The C1s have an interesting shape.  The main enclosure—a slim design only 6 inches wide, 14 inches deep and 15 inches high—is bonded to a front panel extending beyond the enclosure boundaries.  Removing the grille reveals the 6.6-inch woofer mounted just over the 1.1-inch Esotar2 soft-dome tweeter.  Using the speakers sans grill also reveals optimum performance.  The grille does not hamper things much, but the nuanced imaging suffers slightly with the grilles on.  Besides, these speakers look much more like sculpture with the grilles removed, so why leave them on?

My review pair came with the $450-per-pair Stand4 stands, which simply bolt into the bottom of the speaker cabinets.  This removes all the guesswork that can surround selecting the appropriate stand—the provided ones minimize stand interference and provide ideal playback height.  Stylish and massive, the stands work well, though I am informed that Dynaudio will soon replace them with the new Stand6 models, which come with a slight price increase to $500 per pair.  Because of the slim form factor of the speakers, I suggest using the Dynaudio stands and leaving it at that.  They are elegant, they complement the speakers perfectly and they have sufficient mass to do their job properly.

In terms of the speakers’ aesthetic, the standard maple finish just seems more Danish to me (and suits my personal preferences), but standard finishes also includes rosewood, cherry wood and black ash.  Black or white gloss and clear gloss lacquer are also available for an additional $800 per pair.

The Signature version of these speakers, at $8,500 per pair, is slightly more expensive than the standard edition.  With the Signature speakers, upgraded finishes come standard and include two extra choices that are exclusive to the Signature model:  Bird’s-eye maple, stained in either a dark-brown Mocca or dark-red Bordeaux finish with clear-gloss lacquer.  An additional bonus to the Signature model is a 10-year warranty, where the standard version has a 5-year warranty.

The Standard and Signature models share exactly the same drivers and crossover components, so they do sound the same.

I’m Keeping ’Em!

The official listening sessions end as they began, playing heavy music louder than I should.  (i.e. Grinderman’s “Evil” at equally wicked volumes.)  The combination of the C1s and the Burmester 911 is too much fun to keep the volume or choice of music at civil levels.  As I repeatedly push these compact speakers to the edge of their performance envelope, they continue to take everything I can throw at them with ease—so I happily wrote Dynaudio a check for the Confidence C1 IIs, which will be the reference speaker in room two going forward.  Their combination of wide-frequency response, natural tonality and high resolution makes them a perfect fit for a top-quality audio system.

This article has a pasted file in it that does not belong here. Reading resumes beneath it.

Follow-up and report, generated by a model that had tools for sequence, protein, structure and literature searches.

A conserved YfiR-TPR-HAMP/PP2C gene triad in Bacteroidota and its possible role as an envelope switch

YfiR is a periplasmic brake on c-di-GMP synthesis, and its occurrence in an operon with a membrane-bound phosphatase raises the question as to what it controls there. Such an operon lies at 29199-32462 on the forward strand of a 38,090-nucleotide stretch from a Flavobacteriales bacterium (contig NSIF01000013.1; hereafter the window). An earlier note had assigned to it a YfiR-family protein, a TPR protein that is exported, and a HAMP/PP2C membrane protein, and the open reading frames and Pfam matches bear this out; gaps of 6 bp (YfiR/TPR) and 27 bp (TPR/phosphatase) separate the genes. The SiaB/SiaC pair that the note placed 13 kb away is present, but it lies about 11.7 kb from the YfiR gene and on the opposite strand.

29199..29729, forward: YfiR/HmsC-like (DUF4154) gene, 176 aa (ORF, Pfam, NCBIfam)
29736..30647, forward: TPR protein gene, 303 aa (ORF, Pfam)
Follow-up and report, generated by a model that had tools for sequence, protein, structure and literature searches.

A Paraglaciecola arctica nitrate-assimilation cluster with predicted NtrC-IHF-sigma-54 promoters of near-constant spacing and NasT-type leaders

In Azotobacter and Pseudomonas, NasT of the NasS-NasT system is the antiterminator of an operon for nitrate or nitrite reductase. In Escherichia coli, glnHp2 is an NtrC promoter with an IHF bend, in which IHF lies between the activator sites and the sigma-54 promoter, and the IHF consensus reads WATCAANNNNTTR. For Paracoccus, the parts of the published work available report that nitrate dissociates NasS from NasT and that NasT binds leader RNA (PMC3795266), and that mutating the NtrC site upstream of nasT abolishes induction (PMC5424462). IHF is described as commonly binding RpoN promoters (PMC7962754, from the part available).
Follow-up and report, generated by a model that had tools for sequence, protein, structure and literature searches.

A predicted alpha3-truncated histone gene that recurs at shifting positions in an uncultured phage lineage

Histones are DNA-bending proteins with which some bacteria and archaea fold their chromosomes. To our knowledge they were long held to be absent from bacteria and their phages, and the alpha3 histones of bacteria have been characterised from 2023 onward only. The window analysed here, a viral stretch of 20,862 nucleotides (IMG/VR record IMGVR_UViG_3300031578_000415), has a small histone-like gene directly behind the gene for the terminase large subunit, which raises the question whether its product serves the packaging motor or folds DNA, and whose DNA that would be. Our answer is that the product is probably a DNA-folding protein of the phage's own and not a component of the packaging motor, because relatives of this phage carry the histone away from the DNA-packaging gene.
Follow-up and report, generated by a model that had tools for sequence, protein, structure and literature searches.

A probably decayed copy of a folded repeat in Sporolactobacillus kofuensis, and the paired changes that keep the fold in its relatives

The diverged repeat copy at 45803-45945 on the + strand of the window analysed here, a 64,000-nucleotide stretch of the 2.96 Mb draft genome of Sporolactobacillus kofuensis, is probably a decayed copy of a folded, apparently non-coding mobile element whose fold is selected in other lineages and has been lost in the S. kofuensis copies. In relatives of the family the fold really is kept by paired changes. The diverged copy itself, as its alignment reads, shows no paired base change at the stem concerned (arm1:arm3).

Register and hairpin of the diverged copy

The Dynaudio Confidence C1 II

MSRP:  $7,700 – $8,500 (stands additional)



Analog Source AMG V-12 turntable    Clearaudio Goldfinger
Digital Source dCS Paganini stack    Sooloos Control 15    Aurender S10
Preamplifier Burmester 011
Power Amplifier Burmester 911 mk. 3
Phonostage Simaudio Moon 810LP
Cable Audioquest Sky
Power Audience AR6Tss
Accessories Furutech DeMag and DeStat    Audio Desk Systeme RCM    GIK room treatments

Dynaudio Xeo 3 Wireless Speakers

Dynaudio’s reputation for coaxing great sound from a small cabinet remains intact with the Xeo 3 speakers, which add wireless operation to the mix, as do the floorstanding Xeo 5s.  This is indeed an exciting prospect for those not wanting to deal with a traditional amplifier-preamplifier-DAC setup, or the looming cable mess.  For Dynaudio’s Xeo speakers, the term “wireless” is only slightly misleading, as AC power is still required and you still need to connect a small interface to your computer, but you can kiss interconnects and speaker cables goodbye!

Pre-flight Check

The modestly sized Xeo 3s are 7 inches wide, 10 inches deep and 11 inches tall, and are available in white or black, with either glossy or satin finishes.  The front grilles disguise a 5-inch woofer and 1-inch soft dome tweeter derived from Dynaudio’s Excite X12.  This small size allows for multiple placement options.  Our art director has been using them as near-field desktop speakers for some time now with excellent success.  (I received a Marge Simpson growl as I pried them away from her for this review.)